I will be competing against Andreas Bernhard 8-1 on Cagewarriors 40 in London for their first show of their 2011 campaign on February 26th, at the famous HMV Forum in Kentish Town. Ill be fighting alongside my Team mate Graham Afterburner Turner as we both work towards rocking out some matching belts. Training has been superb what with almost the entire pro team training for bouts in the same weekend.
If your interested in viewing some organised ultraviolence let me know or check out cagewarriors.com.
That will do for now my new plan is to keep these short, sweet and regular.
But as always, ill give you what you really came for
September 7, 2010
No this isn’t a screenplay for a porno involving an older lady. This is a tale of two very different kinds of strength.
One of the most important jobs of a Strength Coach is to design programs on an individual basis. What works for one guy may not necessarily work as well for another and may even be detrimental to performance.
A Tale of Two Athletes
Let us take for example two individuals who I train that are the same weight. First up we have Felix. This is a guy who would beat a sloth in a hanging off branches competition. He is monstrously strong, his rate of force development isn’t world class nor is reactive ability, but his brutal hulk like strength makes up for it. Felix would be at the Static end of the static- spring continuum
Cougar on the other hand is no where near as strong as the Felix. He is however one of the most explosive guys I have met. His reactive ability is so good that even as a big fat heavyweight he was still able to knockout out back flips, somersaults and other acrobatic shenanigans at will. Guys like Cougar are proficient at storing energy within the muscle-tendon units when they are lengthened (upon landing) and are able to release it during subsequent muscle action (when jumping) to produce an extra forceful contraction. This is known as the Stretch Shortening Cycle. Cougar is an example of someone who is at the spring end of the Static spring continuum.
The Static – Spring Continuum
The guys at the static end are uber strong, think power lifters. They are able to shift huge loads but the rate at which they do so is often slow. The spring guys have natural bounciness, they are not necessarily very strong but they are adept at using the Stretch Shortening Cycle mentioned above.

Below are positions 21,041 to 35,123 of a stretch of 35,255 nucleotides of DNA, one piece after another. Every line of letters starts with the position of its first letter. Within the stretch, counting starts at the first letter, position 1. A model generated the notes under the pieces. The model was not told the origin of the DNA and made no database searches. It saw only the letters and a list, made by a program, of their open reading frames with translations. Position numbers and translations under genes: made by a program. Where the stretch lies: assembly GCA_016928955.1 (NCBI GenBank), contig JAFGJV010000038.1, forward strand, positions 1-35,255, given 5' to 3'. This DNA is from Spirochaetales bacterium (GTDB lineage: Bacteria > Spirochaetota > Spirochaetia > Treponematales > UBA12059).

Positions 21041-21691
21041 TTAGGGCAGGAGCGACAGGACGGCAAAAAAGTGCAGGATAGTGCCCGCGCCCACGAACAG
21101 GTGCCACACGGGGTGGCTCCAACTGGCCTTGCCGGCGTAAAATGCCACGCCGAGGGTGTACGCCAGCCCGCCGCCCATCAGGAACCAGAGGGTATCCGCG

Where you fall on this continuum can have a dramatic affect on the direction your programming should be taking. Felix would benefit from movements that allow his nervous system and muscle tendon units to get better at storing elastic energy and releasing it during subsequent muscular action. These sorts of movement would include various forms jump training, medicine ball throws and speed lifts.
Cougar is already a freaking Gummy Bear and gets enough reactive training during skill practice and sparring. He will benefit the most from focussing on becoming brutally strong by picking up really heavy stuff in the lower rep ranges. If you are somewhere in between the two, you will benefit from a mix of both maximal strength work and reactive training.
So how do you know where you stand? A lot of times you can guess where someone is just by watching them compete. Anderson Silva seems springy, Matt Hughes seems very statically strong. But it is always best to have quantifiable data so here are the two tests I use.
The Drop Jump vs. Vertical Jump Test
First we need to find your vertical jump height. This can be done with an elaborate system of chalk on a wall. Drop into a ¼ squat and explode up marking the chalk on a nearby wall at the top of your jump.
Next we will do a drop jump from a 12” box. Step of the box and bounce up and mark the wall. If your depth jump performance was lower than your regular vertical jump you aren’t great at using stretch shortening cycle and are probably at the static end.
If your drop jump was more than your vertical jump move on to an 18” box and keep going until your jump height fails to improve.
If you drop jumped more than 20% higher than your vertical jump you are at the spring end. If your drop jump was between 1-20% you need a mixture of reactive training and maximal strength work with more reactive training being done the closer to 1% you get.
5 Rep Speed Bench test
Find your 1 rep max (1RM)in the bench press. Get in 10 minutes rest and then load the bar with 50% of 1RM and try to perform 5 reps in less than 5 seconds (without crushing your sternum). Keep increasing or decreasing the load until you can just barely complete the 5 reps in 5 seconds. If you managed to get all 5 reps in 5 seconds with 70% of 1RM you are freaky reactive, 55-65% 1RM is the middle ground and 40-55% is at the Static end.
Try out these tests and see what direction your training should be taking.
Oh and i almost forgot its been a while….
April 8, 2010
Having a Doctor as a girlfriend has many benefits. Not only is she a dab hand at stitching up faces and draining cauliflowered ears, she also comes across tonnes of interesting information relating to the sport of mma.
Here is a really practical piece on the management of head injury.
Gradual Return to Sport after a Head Injury
- You have sustained a concussion/minor head injury.
- Prior to full return to sport it is important that you follow the stepwise system to allow you to return safely.
- It is vital that your symptoms (listed below) have completely cleared at each level for a minimum of 24 hours before you progress to the next level.
- You should not return to any full sporting activity in less than one week.